Link Rot: Overruled! The Variable Geometries of Preserving the Web

February 24th, 2015


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By Jefferson Bailey

Back in October, Georgetown University Law Library hosted a one-day symposium, “404/File Not Found:
Link Rot, Legal Citation and Projects to Preserve Precedent,” that featured an excellent, diverse line-up of speakers and attendees discussing issues in online citation longevity, digital preservation, and web archiving. They were kind enough also to extend an invite to the Archive-It team, and I was lucky enough to attend and represent both Archive-It and Internet Archive. It was exciting to see issue of web archiving and the preservation of digital content getting attention from professional communities and disciplines for whom this issue may not have been “on their radar” in the past. It also served as a reminder of how central web-based content is to many facets of society and how its long-term preservation impacts different constituencies and communities.

I spoke as part of one of the “Strategies” sessions along with Herbert Van de Sompel, who many will know from his work on the Memento project. Presuming that others would cover the legal and technical aspects of link rot, I aimed to provide an archival or preservation perspective and place the activity of digital preservation and ongoing access into a larger social and cultural context in which technological challenges or solutions are one of many different and often competing influences on the archival endeavor (as we call it). Preservation strategies, thus, operate in an environment in which challenges and solutions are not exclusively technical, practical, nor conceptual but interlinked and, often, historically contingent. If that point is lost in all the “uhs” and “ums” capture in this recorded talk (and thank god there’s no video!), well then at least the presentation also features cute pictures of dogs via HTTP Status Dogs and what turned out to be the symposium’s sole Lionel Hutz joke.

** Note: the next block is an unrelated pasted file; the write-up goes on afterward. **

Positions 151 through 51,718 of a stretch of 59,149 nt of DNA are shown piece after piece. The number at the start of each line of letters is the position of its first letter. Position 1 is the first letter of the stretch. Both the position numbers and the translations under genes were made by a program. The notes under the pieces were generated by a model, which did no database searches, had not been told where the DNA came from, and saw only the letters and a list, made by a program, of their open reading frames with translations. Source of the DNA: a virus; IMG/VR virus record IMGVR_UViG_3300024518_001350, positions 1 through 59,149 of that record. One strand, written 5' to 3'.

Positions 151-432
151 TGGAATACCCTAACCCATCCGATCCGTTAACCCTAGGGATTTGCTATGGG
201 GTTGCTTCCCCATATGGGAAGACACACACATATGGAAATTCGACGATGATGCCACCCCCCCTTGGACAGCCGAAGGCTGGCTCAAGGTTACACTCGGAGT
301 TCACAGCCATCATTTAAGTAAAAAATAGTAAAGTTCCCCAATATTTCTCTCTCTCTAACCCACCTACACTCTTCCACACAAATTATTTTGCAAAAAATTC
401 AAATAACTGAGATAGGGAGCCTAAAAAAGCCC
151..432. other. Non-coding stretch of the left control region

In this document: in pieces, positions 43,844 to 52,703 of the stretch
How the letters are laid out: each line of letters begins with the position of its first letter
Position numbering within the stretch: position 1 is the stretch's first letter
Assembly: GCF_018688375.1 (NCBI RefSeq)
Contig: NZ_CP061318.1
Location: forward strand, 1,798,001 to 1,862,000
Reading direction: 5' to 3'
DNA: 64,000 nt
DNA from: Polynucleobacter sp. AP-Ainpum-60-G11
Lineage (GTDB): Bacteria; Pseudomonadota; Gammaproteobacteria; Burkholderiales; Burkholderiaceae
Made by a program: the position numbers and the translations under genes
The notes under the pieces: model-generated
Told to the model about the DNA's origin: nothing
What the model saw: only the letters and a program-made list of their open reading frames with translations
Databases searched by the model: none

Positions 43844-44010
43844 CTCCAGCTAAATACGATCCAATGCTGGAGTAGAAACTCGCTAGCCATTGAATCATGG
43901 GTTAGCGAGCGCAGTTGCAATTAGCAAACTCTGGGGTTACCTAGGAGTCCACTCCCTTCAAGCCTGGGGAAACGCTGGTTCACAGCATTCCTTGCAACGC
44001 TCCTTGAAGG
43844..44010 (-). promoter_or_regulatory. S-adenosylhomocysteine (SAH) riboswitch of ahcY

The embedded video below can also be found on the symposium’s website and recordings of all the other talk’s and panels can be found on the event’s media page. Thanks again to Georgetown University Law Library for inviting us and for recording the proceedings and sorry it took us (or more specifically, me) so long to post it here on the blog!